Think about happy things in happy places. Nah...this last point is about having an upbeat and positive DM. This emotion can be infectious and from personal experience, I sometimes feel like I have to be a cheerleader to urge my group to role play and play the game! Positivity can be displayed on a vocal level, using positive language, saying nice things and being helpful to players. There is also a body language level, use open palm gestures, smile and avoid frowning. This can be applied in real life and people will find you more approachable, including your players. Having a grumpy DM will make the players feel like they are a burden and feel uncomfortable playing the game with the DM. So, be happy, mon!

There it is, my top 5 tips. Hope you enjoyed it!
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My top ten tips to being a good DM! This is in a two part series and the second half will be posted sometime tomorrow. So come back to check it out! Anyway here it is, my top ten tips:

Being organised in general has it's many benefits. It enables preparation of events foreseen in the future. This is applied to D&D as well. Having simple stuff such as pens, pencils, papers, rubbers, figurines, boards, laptop/computer and the manuals at the session will speed things up a bit without having to fumble around for a pencil to write the new health points down. Also an organised DM will attempt to break the paradox of preparing for the unprepared. This means an organised DM will be able to adapt to a sudden change in the party's direction, such as wanted to explore a nearby cave instead of continuing on with the main quest. The organised DM would have a list of NPC (non-playing-characters) names, shop names, names of locations, maps and spare figurines at hand. This is so he can improvise with previously organised material without wasting time thinking of new names and stumbling over what words to say.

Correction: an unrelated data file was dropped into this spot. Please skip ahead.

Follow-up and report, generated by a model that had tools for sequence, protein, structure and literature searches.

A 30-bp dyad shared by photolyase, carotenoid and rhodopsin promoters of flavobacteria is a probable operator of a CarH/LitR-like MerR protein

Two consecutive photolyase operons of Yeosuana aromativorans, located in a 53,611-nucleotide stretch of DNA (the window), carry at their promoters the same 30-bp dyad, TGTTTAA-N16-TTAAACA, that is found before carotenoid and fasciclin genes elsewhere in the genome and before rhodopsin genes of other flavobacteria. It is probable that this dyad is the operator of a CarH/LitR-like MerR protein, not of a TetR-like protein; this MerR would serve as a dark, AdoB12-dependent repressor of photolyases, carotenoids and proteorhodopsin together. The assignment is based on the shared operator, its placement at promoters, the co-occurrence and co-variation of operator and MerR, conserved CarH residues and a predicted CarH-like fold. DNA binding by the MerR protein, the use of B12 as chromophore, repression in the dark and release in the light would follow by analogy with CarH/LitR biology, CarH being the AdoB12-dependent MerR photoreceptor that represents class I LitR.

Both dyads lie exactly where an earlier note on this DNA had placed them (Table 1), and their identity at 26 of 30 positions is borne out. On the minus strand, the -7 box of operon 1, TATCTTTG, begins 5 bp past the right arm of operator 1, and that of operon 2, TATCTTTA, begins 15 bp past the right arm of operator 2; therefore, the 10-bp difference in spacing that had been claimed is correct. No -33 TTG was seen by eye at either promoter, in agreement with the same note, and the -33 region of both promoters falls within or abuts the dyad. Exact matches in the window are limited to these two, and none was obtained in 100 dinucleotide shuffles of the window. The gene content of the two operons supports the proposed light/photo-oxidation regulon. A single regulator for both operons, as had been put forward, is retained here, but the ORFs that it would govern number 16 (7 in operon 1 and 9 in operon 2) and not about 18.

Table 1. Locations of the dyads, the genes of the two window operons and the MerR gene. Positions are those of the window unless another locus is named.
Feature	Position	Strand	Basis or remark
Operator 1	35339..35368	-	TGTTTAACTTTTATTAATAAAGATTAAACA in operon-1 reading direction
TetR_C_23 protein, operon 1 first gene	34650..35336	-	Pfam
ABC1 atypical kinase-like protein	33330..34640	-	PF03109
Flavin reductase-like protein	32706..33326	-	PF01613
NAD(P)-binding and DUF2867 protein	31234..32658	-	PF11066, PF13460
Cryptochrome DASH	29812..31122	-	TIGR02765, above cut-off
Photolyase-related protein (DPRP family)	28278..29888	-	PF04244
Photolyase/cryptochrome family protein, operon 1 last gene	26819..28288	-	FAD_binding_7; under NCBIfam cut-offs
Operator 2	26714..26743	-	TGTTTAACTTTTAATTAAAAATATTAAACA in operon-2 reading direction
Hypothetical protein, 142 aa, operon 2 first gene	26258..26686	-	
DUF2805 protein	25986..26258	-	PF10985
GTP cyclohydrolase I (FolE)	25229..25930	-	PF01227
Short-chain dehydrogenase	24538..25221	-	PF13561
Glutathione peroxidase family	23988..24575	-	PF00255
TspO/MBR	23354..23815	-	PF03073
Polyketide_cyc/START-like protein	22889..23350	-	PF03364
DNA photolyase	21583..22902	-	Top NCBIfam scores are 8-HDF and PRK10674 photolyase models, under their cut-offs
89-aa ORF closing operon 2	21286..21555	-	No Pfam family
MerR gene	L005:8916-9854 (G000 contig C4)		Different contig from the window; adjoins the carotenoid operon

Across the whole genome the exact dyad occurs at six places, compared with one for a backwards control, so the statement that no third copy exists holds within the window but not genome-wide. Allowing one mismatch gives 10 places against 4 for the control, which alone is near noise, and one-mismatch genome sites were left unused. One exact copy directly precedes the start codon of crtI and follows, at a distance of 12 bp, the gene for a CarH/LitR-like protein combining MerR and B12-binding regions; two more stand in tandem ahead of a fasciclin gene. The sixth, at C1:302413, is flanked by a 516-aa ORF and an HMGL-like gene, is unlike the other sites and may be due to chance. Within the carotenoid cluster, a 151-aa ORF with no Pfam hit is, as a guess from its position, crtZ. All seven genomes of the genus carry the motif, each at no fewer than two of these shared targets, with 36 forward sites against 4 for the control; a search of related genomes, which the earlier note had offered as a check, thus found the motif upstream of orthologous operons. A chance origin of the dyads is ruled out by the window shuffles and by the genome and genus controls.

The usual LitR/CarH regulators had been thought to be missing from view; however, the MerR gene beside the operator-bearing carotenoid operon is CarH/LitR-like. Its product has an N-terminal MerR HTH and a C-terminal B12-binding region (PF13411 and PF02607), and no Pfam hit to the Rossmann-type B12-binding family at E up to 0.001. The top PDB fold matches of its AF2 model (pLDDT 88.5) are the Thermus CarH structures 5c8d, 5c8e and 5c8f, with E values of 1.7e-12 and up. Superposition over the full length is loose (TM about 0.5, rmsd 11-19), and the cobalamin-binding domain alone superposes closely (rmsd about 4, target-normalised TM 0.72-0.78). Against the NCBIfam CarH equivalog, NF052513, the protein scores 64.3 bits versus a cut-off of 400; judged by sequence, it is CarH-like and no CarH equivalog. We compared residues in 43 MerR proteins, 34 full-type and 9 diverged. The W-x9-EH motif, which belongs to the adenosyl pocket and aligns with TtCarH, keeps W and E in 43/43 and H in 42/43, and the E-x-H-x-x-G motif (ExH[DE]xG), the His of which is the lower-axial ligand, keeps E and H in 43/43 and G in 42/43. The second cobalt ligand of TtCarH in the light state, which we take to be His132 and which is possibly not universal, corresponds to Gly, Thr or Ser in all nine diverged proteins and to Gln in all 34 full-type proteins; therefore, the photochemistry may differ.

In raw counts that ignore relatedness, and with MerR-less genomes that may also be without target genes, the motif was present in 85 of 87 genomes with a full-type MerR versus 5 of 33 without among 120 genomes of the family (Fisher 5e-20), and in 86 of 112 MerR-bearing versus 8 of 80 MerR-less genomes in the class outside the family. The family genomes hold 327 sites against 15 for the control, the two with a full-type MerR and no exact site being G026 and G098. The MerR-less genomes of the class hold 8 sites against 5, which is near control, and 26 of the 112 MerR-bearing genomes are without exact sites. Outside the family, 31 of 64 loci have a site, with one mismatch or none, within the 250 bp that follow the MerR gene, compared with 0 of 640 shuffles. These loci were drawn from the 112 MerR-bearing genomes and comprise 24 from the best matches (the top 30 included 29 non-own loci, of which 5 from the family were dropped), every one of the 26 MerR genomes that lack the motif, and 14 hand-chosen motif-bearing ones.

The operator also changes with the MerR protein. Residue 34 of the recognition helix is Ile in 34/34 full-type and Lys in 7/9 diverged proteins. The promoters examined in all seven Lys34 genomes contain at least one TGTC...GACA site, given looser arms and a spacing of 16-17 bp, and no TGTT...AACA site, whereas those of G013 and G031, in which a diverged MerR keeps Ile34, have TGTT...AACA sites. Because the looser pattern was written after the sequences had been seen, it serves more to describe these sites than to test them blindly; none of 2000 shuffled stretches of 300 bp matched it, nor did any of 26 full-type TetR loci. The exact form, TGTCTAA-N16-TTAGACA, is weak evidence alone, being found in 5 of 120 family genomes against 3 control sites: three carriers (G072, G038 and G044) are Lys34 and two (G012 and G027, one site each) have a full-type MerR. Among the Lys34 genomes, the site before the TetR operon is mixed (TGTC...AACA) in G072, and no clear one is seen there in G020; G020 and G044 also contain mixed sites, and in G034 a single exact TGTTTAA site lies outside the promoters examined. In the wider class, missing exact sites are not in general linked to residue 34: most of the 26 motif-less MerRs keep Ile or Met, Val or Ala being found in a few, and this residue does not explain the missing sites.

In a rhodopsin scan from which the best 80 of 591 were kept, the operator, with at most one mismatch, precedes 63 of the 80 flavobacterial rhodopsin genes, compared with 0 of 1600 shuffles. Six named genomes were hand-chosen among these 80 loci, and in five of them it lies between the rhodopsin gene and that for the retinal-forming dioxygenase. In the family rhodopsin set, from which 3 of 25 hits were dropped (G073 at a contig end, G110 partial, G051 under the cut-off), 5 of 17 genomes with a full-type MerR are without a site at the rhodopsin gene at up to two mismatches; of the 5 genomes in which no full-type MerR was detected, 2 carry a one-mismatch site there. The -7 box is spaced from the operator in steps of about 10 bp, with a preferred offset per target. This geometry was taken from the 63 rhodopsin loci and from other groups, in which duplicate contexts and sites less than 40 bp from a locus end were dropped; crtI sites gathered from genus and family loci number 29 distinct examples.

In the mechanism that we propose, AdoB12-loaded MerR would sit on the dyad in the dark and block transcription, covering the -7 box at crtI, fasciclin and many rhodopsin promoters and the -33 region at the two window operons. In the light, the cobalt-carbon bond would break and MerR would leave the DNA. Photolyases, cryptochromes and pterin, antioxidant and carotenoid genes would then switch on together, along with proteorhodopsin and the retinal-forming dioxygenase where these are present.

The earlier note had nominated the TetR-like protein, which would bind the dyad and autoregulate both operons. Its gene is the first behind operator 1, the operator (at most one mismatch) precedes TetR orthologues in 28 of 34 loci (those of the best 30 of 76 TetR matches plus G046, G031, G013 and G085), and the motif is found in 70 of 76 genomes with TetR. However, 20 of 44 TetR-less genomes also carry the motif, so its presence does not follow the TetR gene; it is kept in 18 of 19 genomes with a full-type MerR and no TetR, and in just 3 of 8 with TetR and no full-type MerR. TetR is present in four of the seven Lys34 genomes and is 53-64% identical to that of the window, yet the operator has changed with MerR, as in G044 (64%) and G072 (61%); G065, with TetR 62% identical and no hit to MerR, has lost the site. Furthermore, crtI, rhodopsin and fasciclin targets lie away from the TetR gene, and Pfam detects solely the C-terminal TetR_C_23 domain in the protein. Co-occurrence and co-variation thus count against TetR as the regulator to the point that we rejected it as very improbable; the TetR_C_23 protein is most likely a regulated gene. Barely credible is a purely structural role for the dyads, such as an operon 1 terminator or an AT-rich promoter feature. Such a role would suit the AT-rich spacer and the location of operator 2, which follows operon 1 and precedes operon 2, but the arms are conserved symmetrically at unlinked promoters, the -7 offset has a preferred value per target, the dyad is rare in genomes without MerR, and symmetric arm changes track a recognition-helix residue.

Knowledge, it is our human nature to seek out and learn new things about our hobbies and the world around us. A good DM would be one who has learnt a lot about their edition of D&D such as spells, feats, monsters and equipment. This is to save time instead of looking though the players or dungeon master's guide to see what ability a monster has and making the other players wait around. It also gives off an aura of competence and knowing about D&D and therefore your players will respect and trust you more.

Good Imagination
The ability to imagine other worlds, conjure up new cities, plots and legends. We all have imagination, this is what enabled us to be great scientists. We can all imagine strange beings and places by drawing and mixing our experiences together. A good DM would be able to have a good imagination to be able to create enchanting worlds that will draw the players in, or thinking up original quests that compels the player to keep going deeper into that dangerous cave.

Good writing ability
To be able to write up an adventure that anyone can follow. It get difficult when you make rough notes that misses out so many words you can't even remember what you were originally on about. This applies to describing an area the characters are in, there should be a good description of where the party is, what's it like and any key points in the area/room. This usually required a good writing ability.

Good verbal ability
A good crisp clear voice to communicate exactly, without ear straining, what the characters are doing and where they are. No one likes a mumbling DM with a monotonic voice. Change the tone of your voice every now and again to keep the players interested. If you can pull of accents, great, then go for it! It's more about not what you say but how you say it. That's why the same joke spoken by one person can be funnier compared to another person who explains the same joke but it doesn't seem as funny.

Any thoughts? Or comments? Any personal experience where you think you were a good DM?

Come back tomorrow for part two!